According to the Rasmussen daily polls, GWB's approval rating is coming back up to pre-Terry Schiavo levels. Of course Zogby's poll indicates much more support for the president and Congress than was indicated in other polls on the Schiavo issue.
The following contains some interesting data though including some I bet both GOP and Dems will be paying attention to in 2006 and 2008:
JOHN FUND ON THE TRAIL
A detailed look at last year's voting suggests big Republican opportunities.
Monday, April 4, 2005 12:01 a.m. EDT
A treasure trove of data on the meaning of the 2004 presidential election has just been released, and you can bet that if reporters don't look at it carefully, strategists for potential candidates will. The 2004 election numbers may explain why Hillary Clinton is taking care to present herself as a centrist.
While we vote for president in local precincts and then see the election results reported by state and county, the way to get a feeling for the underlying trends of an election is to wait for the results to be broken down into the nation's 435 congressional districts. Only a handful of states adequately compile presidential election results by congressional districts. That's why political junkies appreciate the efforts of Polidata, a database firm run by Clark Bensen, which just spent months collecting precinct-level data from local officials and belatedly giving a fresh perspective on how George W. Bush assembled his winning coalition.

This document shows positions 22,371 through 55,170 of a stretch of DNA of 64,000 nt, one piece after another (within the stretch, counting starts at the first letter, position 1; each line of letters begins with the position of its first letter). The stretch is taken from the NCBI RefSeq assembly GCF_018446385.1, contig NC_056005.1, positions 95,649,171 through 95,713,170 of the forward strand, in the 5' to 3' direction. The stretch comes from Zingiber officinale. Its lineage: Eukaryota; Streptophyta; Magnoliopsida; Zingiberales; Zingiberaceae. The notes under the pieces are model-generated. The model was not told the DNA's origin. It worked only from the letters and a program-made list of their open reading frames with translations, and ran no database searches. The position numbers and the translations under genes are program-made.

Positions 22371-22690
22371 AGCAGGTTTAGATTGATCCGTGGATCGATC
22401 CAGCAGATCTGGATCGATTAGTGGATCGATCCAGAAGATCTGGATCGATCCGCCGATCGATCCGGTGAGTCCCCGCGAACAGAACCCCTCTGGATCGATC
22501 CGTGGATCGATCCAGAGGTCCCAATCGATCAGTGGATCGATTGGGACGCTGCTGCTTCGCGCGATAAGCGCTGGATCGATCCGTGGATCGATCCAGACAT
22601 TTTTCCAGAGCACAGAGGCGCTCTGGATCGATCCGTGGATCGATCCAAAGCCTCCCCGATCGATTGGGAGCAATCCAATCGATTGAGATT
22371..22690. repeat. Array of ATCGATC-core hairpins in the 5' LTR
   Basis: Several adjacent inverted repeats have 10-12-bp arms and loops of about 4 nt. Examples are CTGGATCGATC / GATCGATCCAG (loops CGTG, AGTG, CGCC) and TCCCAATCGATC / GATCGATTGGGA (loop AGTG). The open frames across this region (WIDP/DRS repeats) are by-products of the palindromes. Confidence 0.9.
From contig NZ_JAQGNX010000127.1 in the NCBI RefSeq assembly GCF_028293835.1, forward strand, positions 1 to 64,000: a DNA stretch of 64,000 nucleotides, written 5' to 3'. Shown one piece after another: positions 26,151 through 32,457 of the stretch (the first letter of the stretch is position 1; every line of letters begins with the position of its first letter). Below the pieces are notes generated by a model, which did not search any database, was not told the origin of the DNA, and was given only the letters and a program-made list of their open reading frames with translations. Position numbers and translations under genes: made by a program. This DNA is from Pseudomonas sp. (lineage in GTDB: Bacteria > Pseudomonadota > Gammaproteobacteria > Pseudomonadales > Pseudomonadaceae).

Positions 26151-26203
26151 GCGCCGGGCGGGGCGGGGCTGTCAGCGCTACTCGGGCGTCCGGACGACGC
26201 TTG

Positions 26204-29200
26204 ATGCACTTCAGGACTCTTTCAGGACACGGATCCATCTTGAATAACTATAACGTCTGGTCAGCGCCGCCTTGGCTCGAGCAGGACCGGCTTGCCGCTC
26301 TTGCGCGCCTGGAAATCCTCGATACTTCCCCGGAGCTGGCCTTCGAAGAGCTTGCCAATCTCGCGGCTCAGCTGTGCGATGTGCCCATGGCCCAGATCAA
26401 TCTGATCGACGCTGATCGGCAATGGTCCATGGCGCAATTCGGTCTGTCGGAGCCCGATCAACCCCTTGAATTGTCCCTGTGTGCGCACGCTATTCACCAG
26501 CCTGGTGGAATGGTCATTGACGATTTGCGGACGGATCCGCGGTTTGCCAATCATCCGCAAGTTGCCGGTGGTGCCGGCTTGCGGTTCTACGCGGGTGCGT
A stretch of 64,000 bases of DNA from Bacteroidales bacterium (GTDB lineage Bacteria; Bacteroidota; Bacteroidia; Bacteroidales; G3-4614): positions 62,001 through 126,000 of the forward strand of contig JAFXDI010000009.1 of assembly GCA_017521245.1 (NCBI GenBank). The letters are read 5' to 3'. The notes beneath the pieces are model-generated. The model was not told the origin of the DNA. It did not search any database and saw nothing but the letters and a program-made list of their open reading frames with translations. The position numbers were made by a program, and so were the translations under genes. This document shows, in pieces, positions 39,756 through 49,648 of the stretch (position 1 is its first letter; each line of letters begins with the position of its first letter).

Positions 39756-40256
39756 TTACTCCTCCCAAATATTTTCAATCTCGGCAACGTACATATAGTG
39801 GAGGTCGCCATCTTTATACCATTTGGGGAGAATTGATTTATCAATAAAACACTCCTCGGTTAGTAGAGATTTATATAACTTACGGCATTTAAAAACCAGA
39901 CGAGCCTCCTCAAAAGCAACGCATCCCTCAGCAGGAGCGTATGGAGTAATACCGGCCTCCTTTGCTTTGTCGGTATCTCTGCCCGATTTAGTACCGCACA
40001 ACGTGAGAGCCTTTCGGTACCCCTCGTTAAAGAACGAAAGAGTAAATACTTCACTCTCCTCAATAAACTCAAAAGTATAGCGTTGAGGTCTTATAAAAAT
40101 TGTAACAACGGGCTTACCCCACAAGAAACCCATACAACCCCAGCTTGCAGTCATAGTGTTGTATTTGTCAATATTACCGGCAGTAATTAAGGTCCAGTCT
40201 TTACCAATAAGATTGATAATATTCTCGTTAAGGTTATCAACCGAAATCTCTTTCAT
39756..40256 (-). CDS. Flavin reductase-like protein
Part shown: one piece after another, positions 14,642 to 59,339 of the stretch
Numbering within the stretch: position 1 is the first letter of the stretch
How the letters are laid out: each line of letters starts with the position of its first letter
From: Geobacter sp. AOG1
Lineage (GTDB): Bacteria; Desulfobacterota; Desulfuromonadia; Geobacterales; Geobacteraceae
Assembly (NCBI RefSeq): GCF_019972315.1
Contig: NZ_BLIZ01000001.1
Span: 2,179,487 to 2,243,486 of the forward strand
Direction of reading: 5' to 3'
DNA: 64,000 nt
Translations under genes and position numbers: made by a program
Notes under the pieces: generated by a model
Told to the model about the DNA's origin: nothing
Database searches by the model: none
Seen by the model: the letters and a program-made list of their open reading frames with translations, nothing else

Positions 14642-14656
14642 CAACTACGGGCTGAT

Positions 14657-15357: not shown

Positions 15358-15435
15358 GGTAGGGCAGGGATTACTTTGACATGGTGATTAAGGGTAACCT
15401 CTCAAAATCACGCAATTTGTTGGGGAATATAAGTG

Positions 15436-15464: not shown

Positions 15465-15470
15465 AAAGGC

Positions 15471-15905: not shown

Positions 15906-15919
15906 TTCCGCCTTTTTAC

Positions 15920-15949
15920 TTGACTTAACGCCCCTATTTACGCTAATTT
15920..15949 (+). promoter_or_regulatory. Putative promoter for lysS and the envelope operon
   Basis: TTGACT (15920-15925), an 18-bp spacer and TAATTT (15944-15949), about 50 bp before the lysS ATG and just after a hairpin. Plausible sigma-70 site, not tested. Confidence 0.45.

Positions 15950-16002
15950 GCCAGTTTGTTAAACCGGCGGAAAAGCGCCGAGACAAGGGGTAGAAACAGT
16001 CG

In 2000, Mr. Bush carried 228 congressional districts to Al Gore's 207 on his way to one of the closest victories in American history. This year Mr. Bush carried 255 congressional districts, nearly six in 10. The number of "turnover" districts--those voting for a House member of one party and a presidential candidate of the other--continues to shrink, mostly due to the growth of straight-ticket voting and gerrymandering. There were only 59 such districts in 2004, compared with 86 in 2000 and 110 when Bill Clinton beat Bob Dole in 1996.
The best chances for Democrats to gain the 15 seats they need to take control of the House in 2006 are in these districts held by "Kerry Republicans." The problem is that there are so few of them. John Kerry carried just 18 GOP House members' districts, while Mr. Bush carried 41 Democratic ones.